Stem Cells

What Are Stem Cells?

You’ve probably heard about stem cells in the news and may wonder exactly what that scientific term means. Stem cells are the body’s master cells. Stem cells can renew themselves (a process called self-renewal), and they can also make a variety of other kinds of cells.

Stem cells are either embryonic stem cells or adult stem cells. In the lab, embryonic stem cells keep reproducing themselves until they’re coaxed into creating specific types of cells. In the body, these cells eventually disappear, so a human adult body no longer contains cells that can generate any kind of cell — at least not in the normal course of things. (Scientists can manipulate adult cells to become other types of cells.)


The main difference between embryonic and adult stem cells is their type of potency. Here’s a breakdown of the differences:


Embryonic stem cells: Embryonic stem cells are derived from three- to five-day-old embryos that are created for fertilization treatments but aren’t going to be used to try to start a pregnancy; in other words, these blastocysts have never been implanted in a woman’s uterus and will be discarded if they aren’t used for research. IVF doctors culture a fertilized IVF embryo in a culture dish until it develops to the blastocyst stage. Researchers extract the inner cell mass, which is then used to derive embryonic stem cells.

Embryonic stem cells are pluripotent, meaning they can give rise to any type of cell in the fully developed body. (Embryonic stem cells can’t create the placenta or umbilical cord tissues, but they appear to be able to generate any other type of cell.)


Adult stem cells: So-called adult stem cells are really stem cells in specific tissues whose job seems to be replenishing their particular tissues — or specific parts of their tissues — as needed. Adult stem cells also renew themselves periodically to ensure that a pool of stem cells is always available to generate specific cell types. So far, scientists have verified stem cell caches in several tissues, including bone marrow, the brain, fatty tissue (called adipose tissue), the liver, the reproductive system (both male and female), skeletal muscles, skin, and teeth.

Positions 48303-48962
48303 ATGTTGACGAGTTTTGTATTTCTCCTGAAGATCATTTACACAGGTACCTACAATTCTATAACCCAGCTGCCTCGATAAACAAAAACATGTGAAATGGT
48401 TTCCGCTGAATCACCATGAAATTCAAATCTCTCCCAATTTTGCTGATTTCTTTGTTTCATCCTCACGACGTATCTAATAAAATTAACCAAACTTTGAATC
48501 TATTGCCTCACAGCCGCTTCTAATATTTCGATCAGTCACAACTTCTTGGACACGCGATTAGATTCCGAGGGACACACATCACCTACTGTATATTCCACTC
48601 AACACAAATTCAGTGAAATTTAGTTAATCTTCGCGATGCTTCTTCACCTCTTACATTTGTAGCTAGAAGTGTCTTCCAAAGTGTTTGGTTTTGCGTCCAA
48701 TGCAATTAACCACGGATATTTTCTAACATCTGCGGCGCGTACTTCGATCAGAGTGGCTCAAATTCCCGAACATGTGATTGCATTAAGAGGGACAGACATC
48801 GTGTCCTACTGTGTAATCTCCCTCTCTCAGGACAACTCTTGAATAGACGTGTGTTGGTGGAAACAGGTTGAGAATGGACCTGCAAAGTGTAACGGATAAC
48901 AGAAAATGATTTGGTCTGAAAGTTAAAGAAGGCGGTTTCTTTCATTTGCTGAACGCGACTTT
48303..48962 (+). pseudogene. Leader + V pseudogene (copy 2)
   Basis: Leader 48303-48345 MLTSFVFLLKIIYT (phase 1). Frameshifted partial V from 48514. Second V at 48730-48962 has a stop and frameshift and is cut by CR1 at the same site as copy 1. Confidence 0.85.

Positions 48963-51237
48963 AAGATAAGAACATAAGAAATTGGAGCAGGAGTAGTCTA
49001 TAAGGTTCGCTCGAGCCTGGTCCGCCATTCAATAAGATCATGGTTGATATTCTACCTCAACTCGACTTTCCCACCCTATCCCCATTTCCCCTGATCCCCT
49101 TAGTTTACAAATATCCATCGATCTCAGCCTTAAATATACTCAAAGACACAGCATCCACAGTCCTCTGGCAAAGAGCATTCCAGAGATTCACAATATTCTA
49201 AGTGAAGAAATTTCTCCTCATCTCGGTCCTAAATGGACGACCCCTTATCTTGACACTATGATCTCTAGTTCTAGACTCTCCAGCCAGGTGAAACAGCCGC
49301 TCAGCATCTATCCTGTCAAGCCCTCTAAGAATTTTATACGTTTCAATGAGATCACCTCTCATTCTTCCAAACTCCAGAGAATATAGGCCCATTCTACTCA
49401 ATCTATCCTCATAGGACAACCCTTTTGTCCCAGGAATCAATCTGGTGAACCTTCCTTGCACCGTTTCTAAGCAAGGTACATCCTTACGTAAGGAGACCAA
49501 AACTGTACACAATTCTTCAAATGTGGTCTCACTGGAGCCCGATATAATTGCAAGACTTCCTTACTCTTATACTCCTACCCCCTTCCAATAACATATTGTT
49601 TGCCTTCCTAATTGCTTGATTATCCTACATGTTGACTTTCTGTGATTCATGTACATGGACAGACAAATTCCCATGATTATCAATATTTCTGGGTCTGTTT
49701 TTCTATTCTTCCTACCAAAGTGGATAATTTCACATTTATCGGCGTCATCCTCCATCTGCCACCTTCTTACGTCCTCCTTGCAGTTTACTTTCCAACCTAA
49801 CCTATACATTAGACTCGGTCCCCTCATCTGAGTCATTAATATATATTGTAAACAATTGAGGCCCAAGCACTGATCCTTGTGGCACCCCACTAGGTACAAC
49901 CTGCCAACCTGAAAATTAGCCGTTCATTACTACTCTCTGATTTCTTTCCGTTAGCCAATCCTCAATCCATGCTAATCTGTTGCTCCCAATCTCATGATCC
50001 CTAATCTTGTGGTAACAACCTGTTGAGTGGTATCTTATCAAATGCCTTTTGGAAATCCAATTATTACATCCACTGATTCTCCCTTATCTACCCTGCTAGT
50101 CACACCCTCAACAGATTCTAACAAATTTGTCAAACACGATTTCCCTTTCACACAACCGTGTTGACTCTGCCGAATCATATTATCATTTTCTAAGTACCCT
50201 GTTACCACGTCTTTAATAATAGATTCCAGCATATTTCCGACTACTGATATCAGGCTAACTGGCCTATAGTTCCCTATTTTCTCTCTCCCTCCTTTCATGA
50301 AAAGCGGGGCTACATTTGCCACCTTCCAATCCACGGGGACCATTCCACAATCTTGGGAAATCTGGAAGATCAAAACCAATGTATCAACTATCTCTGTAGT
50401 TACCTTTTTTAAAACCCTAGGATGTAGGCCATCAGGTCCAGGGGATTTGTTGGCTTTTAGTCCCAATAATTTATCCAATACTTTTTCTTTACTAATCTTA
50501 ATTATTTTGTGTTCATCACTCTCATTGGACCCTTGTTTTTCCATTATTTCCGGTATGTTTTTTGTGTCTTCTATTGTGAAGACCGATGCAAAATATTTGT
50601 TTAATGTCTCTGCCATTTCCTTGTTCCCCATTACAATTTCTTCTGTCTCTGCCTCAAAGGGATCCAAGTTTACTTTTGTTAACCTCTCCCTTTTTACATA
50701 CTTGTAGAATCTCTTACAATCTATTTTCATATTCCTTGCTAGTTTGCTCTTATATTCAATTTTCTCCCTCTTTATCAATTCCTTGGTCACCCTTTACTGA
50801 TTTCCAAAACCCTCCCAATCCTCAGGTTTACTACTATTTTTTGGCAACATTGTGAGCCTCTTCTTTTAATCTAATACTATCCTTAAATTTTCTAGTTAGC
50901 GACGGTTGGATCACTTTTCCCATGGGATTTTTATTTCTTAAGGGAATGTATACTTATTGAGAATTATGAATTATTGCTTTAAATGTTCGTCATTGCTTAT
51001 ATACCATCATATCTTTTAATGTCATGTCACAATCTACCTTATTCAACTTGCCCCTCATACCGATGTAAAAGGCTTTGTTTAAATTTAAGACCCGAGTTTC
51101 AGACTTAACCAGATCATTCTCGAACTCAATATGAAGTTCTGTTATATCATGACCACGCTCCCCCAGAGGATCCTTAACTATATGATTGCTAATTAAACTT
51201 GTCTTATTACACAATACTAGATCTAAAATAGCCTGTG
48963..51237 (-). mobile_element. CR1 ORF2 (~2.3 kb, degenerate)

Adult stem cells are generally multipotent, able to give rise to several kinds of cells in their home tissues. However, in their normal environments, adult stem cells don’t seem to generate cell types outside their particular tissues. Liver stem cells, for example, don’t generate heart cells, and brain stem cells don’t generate kidney cells.

Stem cell researchers have developed a technique for reprogramming adult cells in the lab to get them to act more like embryonic stem cells. These reprogrammed cells are called induced pluripotent stem cells (iPS cells), and they can be made from adult cells in the skin, fatty tissue, and other sources.


Scientists use various types of stem cells in the lab to gain a better understanding of how normal human development works and to look for new methods of treating a wide range of devastating human ailments. Stem cells in the bone marrow, for example, are routinely used to treat leukemia and other blood disorders, and similar techniques are being tested for other diseases involving problems with the immune system. As yet, no one has developed a safe and effective treatment using human embryonic stem cells, because the science itself is still young.  But many researchers expect to see several such treatments enter clinical trials (and eventually the market) at an ever-increasing pace.



[ Source: Stem Cells For Dummies by Lawrence S.B. Goldstein, Meg Schneider]
[ Images: Left shows a mesenchymal stem cell. Right llustration shows a human embryonic stem cell colony expressing insulin-like growth factor (IGF) receptors (red), surrounded by niche cells expressing fibroblast growth factor (FGF)receptors (green). Blue indicates the nucleus of all cells in the dish. (Credit: Image courtesy of McMaster University) ]